Disadvantage: The beneficiary could exhaust the trust more rapidly than intended over time, whether the trust is small (i.e., $5,000 withdrawn each year) or large (5% of trust assets are withdrawn each year), when the main purpose of the trust may have been to transfer wealth to future generations.

Reason 3: Benefit Without Estate Inclusion

Let’s say that both the trust grantor and his wife are near their lifetime exemption amounts for estate taxes (i.e., if they go over their exemption amount, part of their estate will be subject to estate taxes). The trust grantor sets up a trust for the benefit of his spouse during her lifetime with the remainder going to his children at his wife’s death. Here, the 5 or 5 power allows the wife to use the trust as another source of support and income during her lifetime (limited to $5,000 or 5%) but does not substantially increase her estate for estate tax purposes at her death.

Advantage: The amount of trust assets not subject to the 5 or 5 power are not included in the wife’s estate at her death; and, thus, not subject to estate taxes at her death.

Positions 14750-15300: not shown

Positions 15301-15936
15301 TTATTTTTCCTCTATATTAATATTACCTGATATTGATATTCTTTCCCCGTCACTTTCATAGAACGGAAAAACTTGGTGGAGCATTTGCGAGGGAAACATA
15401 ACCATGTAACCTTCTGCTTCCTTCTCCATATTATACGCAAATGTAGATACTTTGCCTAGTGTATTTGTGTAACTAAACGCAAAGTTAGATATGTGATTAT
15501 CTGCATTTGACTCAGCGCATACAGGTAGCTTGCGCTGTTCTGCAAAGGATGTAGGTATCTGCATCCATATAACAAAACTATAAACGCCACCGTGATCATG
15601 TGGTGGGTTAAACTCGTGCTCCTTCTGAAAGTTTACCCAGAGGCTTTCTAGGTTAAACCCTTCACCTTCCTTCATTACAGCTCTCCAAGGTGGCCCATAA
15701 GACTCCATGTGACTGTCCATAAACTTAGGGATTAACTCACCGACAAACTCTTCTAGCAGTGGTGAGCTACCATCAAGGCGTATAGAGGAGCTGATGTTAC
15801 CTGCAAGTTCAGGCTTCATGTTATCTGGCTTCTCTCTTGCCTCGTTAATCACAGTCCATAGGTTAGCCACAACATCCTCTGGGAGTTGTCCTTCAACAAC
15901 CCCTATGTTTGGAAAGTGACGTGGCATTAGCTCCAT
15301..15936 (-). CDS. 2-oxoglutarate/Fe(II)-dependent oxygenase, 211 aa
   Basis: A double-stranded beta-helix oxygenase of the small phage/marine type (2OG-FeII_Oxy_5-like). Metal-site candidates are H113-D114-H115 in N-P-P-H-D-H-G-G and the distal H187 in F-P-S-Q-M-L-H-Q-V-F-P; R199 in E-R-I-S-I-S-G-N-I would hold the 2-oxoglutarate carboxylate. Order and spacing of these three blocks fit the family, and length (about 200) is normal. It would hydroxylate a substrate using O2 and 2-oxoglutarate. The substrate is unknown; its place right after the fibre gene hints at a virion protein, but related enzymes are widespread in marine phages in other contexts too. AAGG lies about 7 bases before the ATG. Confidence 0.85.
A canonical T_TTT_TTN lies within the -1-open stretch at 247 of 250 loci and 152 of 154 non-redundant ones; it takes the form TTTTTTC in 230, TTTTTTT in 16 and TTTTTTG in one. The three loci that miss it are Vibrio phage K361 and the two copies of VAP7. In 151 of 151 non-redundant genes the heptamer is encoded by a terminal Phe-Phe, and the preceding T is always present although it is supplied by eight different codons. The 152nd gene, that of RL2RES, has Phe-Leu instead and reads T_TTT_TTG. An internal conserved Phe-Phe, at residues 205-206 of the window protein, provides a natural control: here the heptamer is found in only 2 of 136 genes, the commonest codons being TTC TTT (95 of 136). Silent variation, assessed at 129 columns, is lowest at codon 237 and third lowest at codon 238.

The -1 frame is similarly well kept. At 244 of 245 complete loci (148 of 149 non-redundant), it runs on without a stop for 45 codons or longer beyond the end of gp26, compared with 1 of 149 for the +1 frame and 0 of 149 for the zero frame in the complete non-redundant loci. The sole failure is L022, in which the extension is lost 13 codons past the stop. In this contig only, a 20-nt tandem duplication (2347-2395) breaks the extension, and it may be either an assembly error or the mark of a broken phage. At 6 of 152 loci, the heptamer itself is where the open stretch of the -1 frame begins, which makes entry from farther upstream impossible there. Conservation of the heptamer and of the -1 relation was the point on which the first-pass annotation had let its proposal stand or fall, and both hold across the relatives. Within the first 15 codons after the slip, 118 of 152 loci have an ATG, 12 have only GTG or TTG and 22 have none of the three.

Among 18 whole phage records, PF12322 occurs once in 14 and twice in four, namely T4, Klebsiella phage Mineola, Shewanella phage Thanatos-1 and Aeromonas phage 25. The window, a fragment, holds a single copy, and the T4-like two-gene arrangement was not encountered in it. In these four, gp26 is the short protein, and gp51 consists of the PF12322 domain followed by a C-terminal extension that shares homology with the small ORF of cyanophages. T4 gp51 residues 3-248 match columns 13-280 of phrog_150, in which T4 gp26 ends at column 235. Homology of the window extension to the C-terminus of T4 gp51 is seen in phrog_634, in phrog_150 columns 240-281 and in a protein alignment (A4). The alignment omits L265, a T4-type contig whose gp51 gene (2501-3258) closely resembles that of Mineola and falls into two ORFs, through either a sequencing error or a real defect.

Disadvantage: The amount of trust assets subject to the 5 or 5 power (i.e., the greater of $5,000 or 5% of the trust’s assets) will be included in the wife’s estate at her death; and, thus, if including this amount in her estate causes her total estate to exceed her lifetime exemption amount, the amount that exceeds the lifetime exemption amount will be subject to estate taxes at her death.

Reason 4: Crummey Trusts

Let’s say that the trust grantor set up a Crummey Trust for his two children. Each year his two children allow their right to withdraw the amount of the annual gift to lapse. When a beneficiary allows their withdrawal right to lapse, it is considered a deemed gift to the other beneficiaries of the trust. However, by adding the 5 or 5 power to the Crummey Trust, the lapsing of the withdrawal right is only considered a deemed gift to the other beneficiaries so much as it exceeds $5,000 or 5% of the trust’s assets.

Advantage: If the amount of the annual gift to the Crummey Trust is less than or equal to $5,000 or 5% of the trust’s assets, there will be no deemed gifts to the other beneficiaries by allowing the withdrawal right to lapse.